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City employees will receive raises

As the City of Troy works to finalize its FYE12 budget, the mayor is recommending a 2.5 percent cost of living raise for all employees, in addition to the 2.5 percent annual step raises they will receive.

Troy employees likely will receive a 2.5 percent cost of living raise in the upcoming year.

Troy Mayor Jimmy Lunsford told council members on Tuesday that his proposed FYE12 budget includes a 2.5 percent cost of living raise for employees, as well as 2.5 percent anniversary step raises.

The impact of the salary increases will be about $720,000, said City Clerk Alton Starling.

The mayor gave an overview of his $60 million budget to council members during the work session prior to Tuesday’s meeting. The council will meet at 11:30 a.m. Friday to review and approve the budget.

Lunsford described the revenue forecasts in the budget as conservative. No new revenue sources are planned for the general fund. “There is no budgeted increase in sales tax projections for 2011-2012, but we have seen sales tax revenues increase every month on the same month in the prior year, and I believe this trend will continue,” he said.

License fees, which increased 10 percent during the past fiscal year, are budgeted level with collections. However, Lunsford said the city would benefit from increases in garbage collection revenues with the addition of service to Hunter’s Mountain Mobile Estates.

In a key move, Lunsford said he plans to recommend the city continue to levy the 1-cent sales tax for the Healthcare Authority. The revenue generated from this – approximately $2.7 million – is used to fund operations at Troy Regional Medical Center. “But I also will recommend that we begin looking at alternative funding sources for the hospital so that next year we can eliminate this tax,” he said. “I’m telling you now it will not be a long-term solution to the health care funding issue.”

Level funding is proposed for all currently funded agencies, and Lunsford said the only personnel addition included in the budget is a code enforcement position in the planning and zoning departments.

In other business on Tuesday, the council:

• Awarded the bid for the sewer improvement project to Blankenship Contracting for $1.792 million. “This is nearly $1 million under budget,” Lunsford said. The council also voted to reject bids for the drilling of the deep water well near the Sportsplex and advertise again.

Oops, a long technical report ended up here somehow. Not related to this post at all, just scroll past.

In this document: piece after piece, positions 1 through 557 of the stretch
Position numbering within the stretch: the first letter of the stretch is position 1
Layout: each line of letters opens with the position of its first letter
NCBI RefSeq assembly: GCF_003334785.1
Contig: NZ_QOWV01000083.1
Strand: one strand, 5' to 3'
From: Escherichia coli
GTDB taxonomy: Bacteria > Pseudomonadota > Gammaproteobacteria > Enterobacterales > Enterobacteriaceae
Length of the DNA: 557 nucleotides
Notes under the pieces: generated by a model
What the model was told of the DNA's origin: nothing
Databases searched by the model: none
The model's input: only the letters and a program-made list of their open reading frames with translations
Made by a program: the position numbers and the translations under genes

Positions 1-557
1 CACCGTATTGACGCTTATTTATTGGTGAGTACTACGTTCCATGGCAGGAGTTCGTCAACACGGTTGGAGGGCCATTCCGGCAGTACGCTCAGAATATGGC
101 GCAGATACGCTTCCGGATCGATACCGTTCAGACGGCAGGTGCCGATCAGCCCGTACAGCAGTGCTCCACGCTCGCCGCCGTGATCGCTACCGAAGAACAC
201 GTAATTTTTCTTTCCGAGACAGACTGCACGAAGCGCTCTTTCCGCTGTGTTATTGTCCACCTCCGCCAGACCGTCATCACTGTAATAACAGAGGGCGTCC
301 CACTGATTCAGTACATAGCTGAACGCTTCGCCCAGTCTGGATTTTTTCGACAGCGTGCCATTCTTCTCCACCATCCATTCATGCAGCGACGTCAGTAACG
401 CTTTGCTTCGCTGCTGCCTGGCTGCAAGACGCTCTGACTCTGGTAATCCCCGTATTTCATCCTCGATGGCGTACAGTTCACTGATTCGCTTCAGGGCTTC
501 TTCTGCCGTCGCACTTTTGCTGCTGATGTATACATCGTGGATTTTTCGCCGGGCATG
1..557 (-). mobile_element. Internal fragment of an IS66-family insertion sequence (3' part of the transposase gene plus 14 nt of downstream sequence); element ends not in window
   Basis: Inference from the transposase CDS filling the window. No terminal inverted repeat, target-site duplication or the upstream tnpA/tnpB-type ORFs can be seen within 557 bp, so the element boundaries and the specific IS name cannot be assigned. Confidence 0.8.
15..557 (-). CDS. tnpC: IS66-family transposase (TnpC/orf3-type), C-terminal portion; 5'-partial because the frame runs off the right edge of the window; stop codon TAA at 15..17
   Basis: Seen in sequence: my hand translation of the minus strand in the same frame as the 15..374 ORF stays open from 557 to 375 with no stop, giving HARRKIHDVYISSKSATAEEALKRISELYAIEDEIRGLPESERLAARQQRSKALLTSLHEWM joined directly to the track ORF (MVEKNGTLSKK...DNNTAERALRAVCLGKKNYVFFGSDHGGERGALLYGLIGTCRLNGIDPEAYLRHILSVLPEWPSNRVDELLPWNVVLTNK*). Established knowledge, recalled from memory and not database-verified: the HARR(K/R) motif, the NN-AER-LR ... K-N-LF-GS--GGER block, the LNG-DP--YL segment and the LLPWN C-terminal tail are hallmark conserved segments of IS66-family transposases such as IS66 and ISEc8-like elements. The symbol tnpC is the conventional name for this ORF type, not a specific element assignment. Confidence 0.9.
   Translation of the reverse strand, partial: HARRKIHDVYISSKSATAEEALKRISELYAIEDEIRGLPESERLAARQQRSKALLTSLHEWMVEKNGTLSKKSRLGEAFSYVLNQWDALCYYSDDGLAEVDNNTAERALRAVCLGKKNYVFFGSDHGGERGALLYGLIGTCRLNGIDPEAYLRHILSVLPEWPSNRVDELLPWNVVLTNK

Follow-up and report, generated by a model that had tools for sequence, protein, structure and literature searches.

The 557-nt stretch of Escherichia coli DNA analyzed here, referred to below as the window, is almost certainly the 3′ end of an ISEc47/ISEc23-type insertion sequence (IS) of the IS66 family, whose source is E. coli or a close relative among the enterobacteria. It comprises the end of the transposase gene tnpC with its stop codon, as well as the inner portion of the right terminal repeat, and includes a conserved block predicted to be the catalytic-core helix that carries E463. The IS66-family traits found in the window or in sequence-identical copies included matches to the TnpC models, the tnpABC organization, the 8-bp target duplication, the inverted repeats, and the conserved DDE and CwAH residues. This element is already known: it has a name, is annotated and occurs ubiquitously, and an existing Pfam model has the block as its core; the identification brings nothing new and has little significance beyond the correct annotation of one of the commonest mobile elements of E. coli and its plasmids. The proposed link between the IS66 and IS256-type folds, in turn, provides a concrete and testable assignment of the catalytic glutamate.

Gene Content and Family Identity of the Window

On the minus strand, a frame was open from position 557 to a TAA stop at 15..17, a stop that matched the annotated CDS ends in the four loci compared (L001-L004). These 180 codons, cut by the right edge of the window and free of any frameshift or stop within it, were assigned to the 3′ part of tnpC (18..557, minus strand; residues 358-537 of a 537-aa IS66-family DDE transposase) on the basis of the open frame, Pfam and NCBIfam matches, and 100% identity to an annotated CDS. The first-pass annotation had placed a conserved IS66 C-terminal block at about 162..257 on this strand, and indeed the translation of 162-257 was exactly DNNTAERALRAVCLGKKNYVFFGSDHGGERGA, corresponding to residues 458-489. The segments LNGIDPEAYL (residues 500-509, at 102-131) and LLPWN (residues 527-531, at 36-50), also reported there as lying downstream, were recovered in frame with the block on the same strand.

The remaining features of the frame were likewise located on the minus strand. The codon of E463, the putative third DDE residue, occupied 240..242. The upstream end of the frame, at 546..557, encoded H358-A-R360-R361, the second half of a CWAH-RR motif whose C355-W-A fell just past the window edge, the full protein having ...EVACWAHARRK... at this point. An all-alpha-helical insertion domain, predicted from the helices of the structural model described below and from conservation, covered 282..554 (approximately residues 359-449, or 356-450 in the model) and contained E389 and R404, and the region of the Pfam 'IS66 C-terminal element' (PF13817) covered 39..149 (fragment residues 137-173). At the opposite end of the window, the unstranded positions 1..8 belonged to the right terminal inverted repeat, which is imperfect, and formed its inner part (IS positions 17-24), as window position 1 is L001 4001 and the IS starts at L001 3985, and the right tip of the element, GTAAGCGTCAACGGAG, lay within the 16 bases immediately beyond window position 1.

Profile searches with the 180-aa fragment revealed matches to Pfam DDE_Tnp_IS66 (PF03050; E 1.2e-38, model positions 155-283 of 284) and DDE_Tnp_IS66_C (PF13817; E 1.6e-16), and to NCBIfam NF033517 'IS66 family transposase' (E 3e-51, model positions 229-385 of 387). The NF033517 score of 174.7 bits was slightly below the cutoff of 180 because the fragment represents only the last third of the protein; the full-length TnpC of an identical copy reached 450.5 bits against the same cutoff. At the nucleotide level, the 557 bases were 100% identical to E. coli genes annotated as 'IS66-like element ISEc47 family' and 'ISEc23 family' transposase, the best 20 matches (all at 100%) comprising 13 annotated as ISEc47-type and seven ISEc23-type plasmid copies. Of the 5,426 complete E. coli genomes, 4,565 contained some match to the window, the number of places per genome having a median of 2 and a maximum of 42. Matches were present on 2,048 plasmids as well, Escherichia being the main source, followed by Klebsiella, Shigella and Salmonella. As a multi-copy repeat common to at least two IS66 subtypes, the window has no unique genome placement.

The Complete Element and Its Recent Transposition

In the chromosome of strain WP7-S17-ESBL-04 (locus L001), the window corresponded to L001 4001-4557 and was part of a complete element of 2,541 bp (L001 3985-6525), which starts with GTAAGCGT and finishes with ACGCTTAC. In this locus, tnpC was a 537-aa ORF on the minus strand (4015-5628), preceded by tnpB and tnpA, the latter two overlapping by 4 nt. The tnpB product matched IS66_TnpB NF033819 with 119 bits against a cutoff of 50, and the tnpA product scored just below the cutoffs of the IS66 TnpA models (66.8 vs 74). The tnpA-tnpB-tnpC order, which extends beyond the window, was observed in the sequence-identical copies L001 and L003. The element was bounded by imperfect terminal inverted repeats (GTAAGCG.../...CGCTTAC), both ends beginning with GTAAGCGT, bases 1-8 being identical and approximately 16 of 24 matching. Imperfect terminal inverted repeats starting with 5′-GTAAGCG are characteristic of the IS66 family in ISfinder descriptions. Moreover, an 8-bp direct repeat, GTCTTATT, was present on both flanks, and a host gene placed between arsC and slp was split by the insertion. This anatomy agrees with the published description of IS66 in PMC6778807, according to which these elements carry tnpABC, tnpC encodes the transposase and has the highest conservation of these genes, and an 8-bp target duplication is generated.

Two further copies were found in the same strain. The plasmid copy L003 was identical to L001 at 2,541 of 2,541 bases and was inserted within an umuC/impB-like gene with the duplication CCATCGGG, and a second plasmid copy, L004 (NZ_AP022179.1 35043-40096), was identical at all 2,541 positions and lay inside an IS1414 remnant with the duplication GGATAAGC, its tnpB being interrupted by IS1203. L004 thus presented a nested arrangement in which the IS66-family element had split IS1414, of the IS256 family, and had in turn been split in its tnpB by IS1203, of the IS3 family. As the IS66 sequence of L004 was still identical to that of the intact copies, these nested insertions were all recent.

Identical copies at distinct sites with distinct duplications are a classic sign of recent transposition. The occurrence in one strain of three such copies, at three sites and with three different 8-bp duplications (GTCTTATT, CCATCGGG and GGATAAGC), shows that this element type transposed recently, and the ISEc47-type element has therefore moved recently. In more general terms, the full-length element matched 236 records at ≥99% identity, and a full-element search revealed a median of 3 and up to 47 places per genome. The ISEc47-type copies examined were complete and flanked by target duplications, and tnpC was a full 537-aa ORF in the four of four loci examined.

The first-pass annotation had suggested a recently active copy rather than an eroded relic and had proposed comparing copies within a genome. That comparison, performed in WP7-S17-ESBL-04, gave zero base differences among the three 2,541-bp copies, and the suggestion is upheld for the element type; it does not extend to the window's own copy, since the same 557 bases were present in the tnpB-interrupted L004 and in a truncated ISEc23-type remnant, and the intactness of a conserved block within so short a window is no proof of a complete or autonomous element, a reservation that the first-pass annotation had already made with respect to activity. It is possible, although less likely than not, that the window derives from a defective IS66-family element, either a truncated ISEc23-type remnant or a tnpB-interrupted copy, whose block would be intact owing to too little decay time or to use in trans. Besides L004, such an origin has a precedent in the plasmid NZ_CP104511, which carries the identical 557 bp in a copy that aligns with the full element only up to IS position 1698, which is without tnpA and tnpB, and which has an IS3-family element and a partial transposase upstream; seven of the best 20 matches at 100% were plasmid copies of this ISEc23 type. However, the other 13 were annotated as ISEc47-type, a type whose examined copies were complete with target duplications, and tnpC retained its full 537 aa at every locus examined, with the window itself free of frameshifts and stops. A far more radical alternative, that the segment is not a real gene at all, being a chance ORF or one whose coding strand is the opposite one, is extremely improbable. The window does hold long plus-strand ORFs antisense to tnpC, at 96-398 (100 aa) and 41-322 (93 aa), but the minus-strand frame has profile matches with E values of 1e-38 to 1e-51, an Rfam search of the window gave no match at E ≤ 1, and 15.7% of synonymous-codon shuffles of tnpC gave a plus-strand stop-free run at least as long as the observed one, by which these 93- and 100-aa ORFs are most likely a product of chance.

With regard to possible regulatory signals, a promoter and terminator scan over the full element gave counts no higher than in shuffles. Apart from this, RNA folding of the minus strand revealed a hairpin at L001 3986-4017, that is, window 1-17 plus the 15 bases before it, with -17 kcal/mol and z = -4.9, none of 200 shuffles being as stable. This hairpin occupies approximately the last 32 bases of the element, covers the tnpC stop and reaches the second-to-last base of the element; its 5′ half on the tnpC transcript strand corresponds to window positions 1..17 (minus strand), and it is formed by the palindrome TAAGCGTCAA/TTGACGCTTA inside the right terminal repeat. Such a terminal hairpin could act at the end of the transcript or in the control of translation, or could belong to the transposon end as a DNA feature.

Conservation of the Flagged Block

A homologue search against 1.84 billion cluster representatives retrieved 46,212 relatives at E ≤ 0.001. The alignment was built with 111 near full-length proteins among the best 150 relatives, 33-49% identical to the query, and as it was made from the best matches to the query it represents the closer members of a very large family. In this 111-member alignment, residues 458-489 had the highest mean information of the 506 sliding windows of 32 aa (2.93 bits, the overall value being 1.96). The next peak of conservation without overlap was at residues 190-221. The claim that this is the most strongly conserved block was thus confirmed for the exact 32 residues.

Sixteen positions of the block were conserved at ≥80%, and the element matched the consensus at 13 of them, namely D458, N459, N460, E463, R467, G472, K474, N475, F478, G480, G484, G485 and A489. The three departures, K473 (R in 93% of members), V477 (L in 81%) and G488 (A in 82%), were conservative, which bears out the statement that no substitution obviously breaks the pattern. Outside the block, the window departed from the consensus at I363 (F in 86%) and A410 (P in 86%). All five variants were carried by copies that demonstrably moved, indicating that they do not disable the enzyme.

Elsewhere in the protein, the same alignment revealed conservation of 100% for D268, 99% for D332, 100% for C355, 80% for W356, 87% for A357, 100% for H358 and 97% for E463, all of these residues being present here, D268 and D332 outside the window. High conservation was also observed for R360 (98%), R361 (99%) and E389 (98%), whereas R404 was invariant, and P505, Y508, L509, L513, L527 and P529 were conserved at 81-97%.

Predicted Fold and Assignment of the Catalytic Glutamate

• Approved the terms of service with Alabama Power, which provides electricity for the city’s utilities department. The proposal will save the city nearly $200,000 during calendar year 2012.

• Gave Lunsford the authority to resolve the Senior Foundation Loan issue. “Basically, back in the 1990s, the Senior Center needed to have some work done and, at the time, was expecting a large donation to come down the road,” Lunsford said. “We borrowed the money to fund the needed construction … it’s going to be my recommendation that we pay off the loan balance.”

• Awarded the bid for right of way clearing to Asplundh. The contract is based on a per-hour fee for crews to provide tree-trimming services for utility purposes and allows up to $150,000 during the fiscal year.

• Approved the redistricting plan presented during a prior meeting and a public hearing on Monday

• Awarded the bid for meals for city jail inmates to Taste and See.

• Approved the insurance agreement with Sanbuck.

• Awarded two restaurant retail liquor licenses: one to Benjamin W. Dees for Buffalo Junction and another to Robert Thomas Robinson for 315 Exchange, which will be housed in the old depot building in downtown.

• Approved the removal of dilapidated buildings 1558 North Three Notch St. and gave the city authority to assess property owners for the removal of dilapidated buildings at 719 Jones Street.

• Held a public hearing on the cottage housing ordinance and then approved amending to the zoning plan to allow cottage housing in R3 zoned districts.

• Held the first reading on two ordinances, which would allow the rezoning of a parcel of the Oak Park Subdivision from RR to A1 to allow apartments and would apply the definition of “single family residence” to RR and patio home districts.